13 posted on 07/18/2012 1:03:24 AM PDT by spetznaz (Nuclear-tipped Ballistic Missiles: The Ultimate Phallic Symbol)
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To: nickcarraway

My Mac is run on the snow leopard. :)=^..^=


14 posted on 07/18/2012 3:32:56 AM PDT by Biggirl ("Jesus talked to us as individuals"-Jim Vicevich/Thanks JimV!)
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To: nickcarraway

Isn’t that some kind of violation of the “Prime Directive”? Now they will go back and talk about how they were captured by aliens, poked, prodded, and had their thoughts read.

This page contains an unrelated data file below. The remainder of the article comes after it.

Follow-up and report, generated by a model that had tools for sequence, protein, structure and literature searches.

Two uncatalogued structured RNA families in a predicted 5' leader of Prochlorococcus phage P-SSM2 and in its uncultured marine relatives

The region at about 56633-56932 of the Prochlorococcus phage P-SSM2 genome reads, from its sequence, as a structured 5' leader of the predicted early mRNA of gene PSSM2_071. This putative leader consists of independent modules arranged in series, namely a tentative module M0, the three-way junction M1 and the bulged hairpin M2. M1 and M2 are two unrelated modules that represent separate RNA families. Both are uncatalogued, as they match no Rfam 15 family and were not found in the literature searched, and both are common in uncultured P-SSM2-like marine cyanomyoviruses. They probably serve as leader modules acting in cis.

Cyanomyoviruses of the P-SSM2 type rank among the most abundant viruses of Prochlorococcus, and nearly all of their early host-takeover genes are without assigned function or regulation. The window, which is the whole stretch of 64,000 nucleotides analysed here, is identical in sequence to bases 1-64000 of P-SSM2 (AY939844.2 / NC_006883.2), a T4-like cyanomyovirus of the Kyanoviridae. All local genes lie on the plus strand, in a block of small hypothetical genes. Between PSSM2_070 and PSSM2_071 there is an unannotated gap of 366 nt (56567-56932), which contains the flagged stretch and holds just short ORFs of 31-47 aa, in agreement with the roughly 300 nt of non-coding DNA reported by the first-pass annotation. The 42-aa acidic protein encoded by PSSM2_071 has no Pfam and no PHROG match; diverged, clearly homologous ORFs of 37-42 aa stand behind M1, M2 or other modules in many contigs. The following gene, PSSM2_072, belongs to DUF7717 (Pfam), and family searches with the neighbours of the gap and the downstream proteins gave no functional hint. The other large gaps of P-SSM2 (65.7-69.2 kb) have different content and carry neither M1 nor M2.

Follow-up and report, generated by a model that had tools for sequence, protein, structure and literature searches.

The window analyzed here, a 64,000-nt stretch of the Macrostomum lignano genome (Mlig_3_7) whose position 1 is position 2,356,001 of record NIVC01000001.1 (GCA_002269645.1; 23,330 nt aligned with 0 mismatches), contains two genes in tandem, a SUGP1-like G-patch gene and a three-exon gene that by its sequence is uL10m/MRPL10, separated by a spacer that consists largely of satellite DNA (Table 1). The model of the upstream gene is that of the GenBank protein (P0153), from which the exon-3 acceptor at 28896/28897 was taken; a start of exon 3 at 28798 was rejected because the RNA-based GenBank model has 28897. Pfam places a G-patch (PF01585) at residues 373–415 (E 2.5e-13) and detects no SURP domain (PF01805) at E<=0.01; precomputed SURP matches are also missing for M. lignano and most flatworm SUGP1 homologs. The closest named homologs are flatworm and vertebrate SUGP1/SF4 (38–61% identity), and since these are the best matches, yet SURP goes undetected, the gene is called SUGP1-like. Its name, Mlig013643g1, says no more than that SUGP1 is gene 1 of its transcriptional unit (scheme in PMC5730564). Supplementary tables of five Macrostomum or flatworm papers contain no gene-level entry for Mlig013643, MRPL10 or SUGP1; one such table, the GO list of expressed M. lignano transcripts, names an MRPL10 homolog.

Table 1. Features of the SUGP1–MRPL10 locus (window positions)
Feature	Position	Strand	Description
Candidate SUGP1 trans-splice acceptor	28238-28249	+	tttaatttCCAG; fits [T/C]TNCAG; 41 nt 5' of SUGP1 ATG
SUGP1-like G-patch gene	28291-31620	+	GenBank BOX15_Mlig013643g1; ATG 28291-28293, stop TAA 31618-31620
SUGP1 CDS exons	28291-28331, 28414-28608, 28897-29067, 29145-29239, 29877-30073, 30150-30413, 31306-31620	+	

15 posted on 07/18/2012 3:51:18 AM PDT by jimfree (In Nov 2012 my 12 y/o granddaughter will have more relevant executive experience than Barack Obama)
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To: rcrngroup
Does anyone remember the show about the Mercats? They had collared Flower the head female of a band and followed her for some time. Although I enjoyed the show and loved learning about this little animal, I believe that the collar eventually killed Flower.

She was bitten by a puff adder, a natural enemy of the Mercat. Her throat swelled to the point that the collar suffocated her. I do not believe she died from the snake bite, but rather from the collar not letting her neck expand.

Could we get a Freeper veterinarian to comment? BA

16 posted on 07/18/2012 3:53:30 AM PDT by Battle Axe (Repent, for the coming of the Lord is nigh.)